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Kiteboard Kite Type Guide



Knowing the subtle differences between the various types of kiteboard kites will help you adapt and thrive in the wind and water.

The various types of kiteboard kites hide a world of different qualities, and knowing which kite should be used is a skill every kiteboarder should master. To the uninitiated, all kiteboarding kites look very much alike; they have similar features, but different types are used for subtle differences in wind speed and wave size. In the world of kiteboarding, details are key.

Here’s a guide to a few different kite styles, as well as a breakdown of two of the most important basic designs seen in the skies today.

Leading Edge Inflatables (LEI)

Kites come in two basic designs, foil and leading edge inflatable. Most of the kites discussed here are leading edge inflatables, and for good reason. The style has become a staple of modern kites, which derive numerous advantages from the same important feature: an inflated bladder. The bladder gives shape to the windward edge of the kite. Many benefits stem from this design, such as the kite retaining its shape, making it easier to fill, even if the wind lapses. It’s also much easier to launch after a kite has crashed into the waves with an inflated bladder, because it is easier to pull up. A bent or deformed kite rarely cooperates with filling up and getting you back in motion. Kites of yesteryear, without the bladder, could easily get swamped with water, leaving you stranded. Leading edge inflatables also have inflated bladders that run perpendicular to the leading edge, like ribs off a spine, helping the kite maintain its shape. These types of kites have a single skin or layer of fabric as opposed to foil kites, which trap air between the layers to give the kite shape.

Bow Kites

Bow kites, also known as flat kites, pack a major punch and are a performance junkie’s dream. They’re relatively small but can squeeze a lot of power out of the wind. For that reason, they’re beloved by riders that have to put up with perpetually-light wind conditions. In high winds, though, experienced riders can gain tons of lift from a bow kite. The bridle, a line attached to the leading edge, allows riders to dump the wind, another bonus for high, low, or wildly-varying wind conditions. After dropping into the water, a bow kite’s swept-back wing tips make re-launching easier by staying out of the drink.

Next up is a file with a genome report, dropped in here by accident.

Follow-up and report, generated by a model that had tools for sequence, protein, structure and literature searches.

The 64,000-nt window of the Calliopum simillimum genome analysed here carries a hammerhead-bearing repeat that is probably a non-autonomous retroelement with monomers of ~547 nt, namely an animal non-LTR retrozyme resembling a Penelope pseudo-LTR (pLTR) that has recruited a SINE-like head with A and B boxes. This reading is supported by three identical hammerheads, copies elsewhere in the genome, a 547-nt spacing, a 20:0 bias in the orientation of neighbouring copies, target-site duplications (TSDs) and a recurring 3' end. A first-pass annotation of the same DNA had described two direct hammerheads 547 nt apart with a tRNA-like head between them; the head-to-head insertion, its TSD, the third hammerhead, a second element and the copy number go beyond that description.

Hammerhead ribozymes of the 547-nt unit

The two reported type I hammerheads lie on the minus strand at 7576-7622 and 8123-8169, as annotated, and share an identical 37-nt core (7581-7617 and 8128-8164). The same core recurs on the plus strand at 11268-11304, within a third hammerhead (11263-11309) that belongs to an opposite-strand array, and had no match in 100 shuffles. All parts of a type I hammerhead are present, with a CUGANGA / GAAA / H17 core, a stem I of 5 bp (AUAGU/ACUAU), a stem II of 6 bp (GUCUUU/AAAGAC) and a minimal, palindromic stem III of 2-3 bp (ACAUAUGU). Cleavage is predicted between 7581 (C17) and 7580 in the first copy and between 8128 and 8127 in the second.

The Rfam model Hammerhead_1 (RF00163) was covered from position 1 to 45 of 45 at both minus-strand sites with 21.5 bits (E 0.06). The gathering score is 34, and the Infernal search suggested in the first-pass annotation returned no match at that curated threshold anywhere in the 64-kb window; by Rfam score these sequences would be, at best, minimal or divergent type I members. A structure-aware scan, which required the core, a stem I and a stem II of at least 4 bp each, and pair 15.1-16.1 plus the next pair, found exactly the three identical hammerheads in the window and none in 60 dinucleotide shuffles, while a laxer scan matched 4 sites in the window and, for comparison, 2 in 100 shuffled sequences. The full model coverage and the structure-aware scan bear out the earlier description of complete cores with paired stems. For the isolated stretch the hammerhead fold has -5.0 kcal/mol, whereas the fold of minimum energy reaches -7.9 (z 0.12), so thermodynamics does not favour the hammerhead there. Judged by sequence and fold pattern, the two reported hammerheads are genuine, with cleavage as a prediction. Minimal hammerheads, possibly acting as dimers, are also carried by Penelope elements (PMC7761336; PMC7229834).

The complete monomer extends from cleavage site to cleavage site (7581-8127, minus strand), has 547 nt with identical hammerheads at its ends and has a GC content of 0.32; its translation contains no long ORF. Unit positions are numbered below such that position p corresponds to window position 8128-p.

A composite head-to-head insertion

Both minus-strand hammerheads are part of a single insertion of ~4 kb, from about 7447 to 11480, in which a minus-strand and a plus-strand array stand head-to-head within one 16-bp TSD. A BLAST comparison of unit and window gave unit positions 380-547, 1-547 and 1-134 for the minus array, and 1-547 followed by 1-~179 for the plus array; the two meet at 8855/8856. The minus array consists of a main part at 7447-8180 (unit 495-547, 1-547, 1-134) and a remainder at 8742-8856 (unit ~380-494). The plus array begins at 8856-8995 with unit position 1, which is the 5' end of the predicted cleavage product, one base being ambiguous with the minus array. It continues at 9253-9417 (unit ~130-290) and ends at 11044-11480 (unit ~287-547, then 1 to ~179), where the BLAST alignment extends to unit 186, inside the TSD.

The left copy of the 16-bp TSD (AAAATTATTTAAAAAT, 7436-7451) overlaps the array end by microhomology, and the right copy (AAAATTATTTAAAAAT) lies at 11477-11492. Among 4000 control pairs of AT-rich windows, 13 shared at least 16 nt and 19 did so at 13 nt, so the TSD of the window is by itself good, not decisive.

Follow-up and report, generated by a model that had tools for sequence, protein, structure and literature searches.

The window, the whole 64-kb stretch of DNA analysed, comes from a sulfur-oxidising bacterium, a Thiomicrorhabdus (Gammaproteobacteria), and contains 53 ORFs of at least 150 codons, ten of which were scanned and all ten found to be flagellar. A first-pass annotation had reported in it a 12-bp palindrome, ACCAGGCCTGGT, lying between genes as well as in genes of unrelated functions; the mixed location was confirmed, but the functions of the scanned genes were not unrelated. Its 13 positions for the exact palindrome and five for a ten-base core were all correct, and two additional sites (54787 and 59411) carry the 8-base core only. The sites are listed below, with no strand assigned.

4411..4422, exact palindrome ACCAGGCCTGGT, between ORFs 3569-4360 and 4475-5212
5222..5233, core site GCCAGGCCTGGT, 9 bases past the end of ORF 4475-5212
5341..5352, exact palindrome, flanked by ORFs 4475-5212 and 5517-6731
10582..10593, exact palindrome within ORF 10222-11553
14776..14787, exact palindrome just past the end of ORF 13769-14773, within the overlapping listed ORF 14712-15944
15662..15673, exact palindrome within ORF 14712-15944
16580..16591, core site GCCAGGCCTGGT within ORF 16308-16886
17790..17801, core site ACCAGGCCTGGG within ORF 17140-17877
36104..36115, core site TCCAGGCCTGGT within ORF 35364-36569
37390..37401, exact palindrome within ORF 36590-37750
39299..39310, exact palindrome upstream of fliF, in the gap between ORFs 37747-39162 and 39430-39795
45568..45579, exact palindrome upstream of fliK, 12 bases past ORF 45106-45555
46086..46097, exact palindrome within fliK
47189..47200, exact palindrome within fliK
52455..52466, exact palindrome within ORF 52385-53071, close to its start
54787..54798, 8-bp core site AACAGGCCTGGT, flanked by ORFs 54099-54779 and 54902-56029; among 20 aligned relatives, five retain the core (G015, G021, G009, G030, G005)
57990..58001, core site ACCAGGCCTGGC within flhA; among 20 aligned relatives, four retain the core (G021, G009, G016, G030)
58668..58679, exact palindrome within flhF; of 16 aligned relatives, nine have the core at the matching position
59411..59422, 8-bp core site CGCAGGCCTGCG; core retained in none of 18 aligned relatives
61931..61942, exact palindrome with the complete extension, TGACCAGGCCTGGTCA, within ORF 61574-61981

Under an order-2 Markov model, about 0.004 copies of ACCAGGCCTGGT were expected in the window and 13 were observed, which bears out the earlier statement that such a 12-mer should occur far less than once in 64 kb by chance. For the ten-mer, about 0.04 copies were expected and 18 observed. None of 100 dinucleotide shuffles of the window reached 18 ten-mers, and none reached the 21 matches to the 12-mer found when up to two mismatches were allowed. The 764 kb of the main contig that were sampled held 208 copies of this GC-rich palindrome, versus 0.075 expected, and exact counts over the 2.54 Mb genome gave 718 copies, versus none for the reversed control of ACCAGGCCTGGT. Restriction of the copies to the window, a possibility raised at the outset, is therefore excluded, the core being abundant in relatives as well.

C-shaped Kites

C-shaped kites, identified by a dramatic arcing C-shape, share characteristics with all manner of leading edge inflatable kites, but differ in one major way. C-shaped kites do not have a bridle, the control-giving line that attaches to the front and back of the kite. In heavy, unpredictable, or choppy winds, riders can use the bridle the other way: to instantly change the shape of the kite to dump the wind. Because C-shaped kites don’t offer this kind of control, they lack attractive features that would make them suitable for very heavy or light winds, or for riders of a wide range of abilities. C-shaped kites, however, will always be loved by purists that crave the heightened feel of even the smallest movements.

Hybrid Kites

Hybrid kites are a cross between the C-shaped kites and bow kites. Some look at it as a watered-down version of two distinct styles, while others praise it as a unique design that captures the benefits of both. If you are a fan of hybrids, then you have something in common with legions of riders who want one kite to do it all. Hybrids, while not the best choice for entering a race or performing cutting-edge tricks, will let a rider cruise fast on heavy wind days, yet provide enough maneuverability for moderate tricks and air. It’s important to note that any hybrid kite will have a bridle on the leading edge, giving an edge for power and control.

Foil Kite

A foil kite is the other basic design (as opposed to a leading edge inflatable) used in kites today. Instead of utilizing an inflated bladder, foil kites take shape by allowing air to plump the space between the top and bottom sheets of fabric. Foil kites, because they lack the inflatable bladder, have one major weakness: they can’t be used on water. Once the kite hits the water, it can’t be raised up again. For kiteboarding on snow or land, however, foil kites are an excellent choice.

What is your kite type of choice? Tell us in the comments below or @DegreeMen on Twitter.

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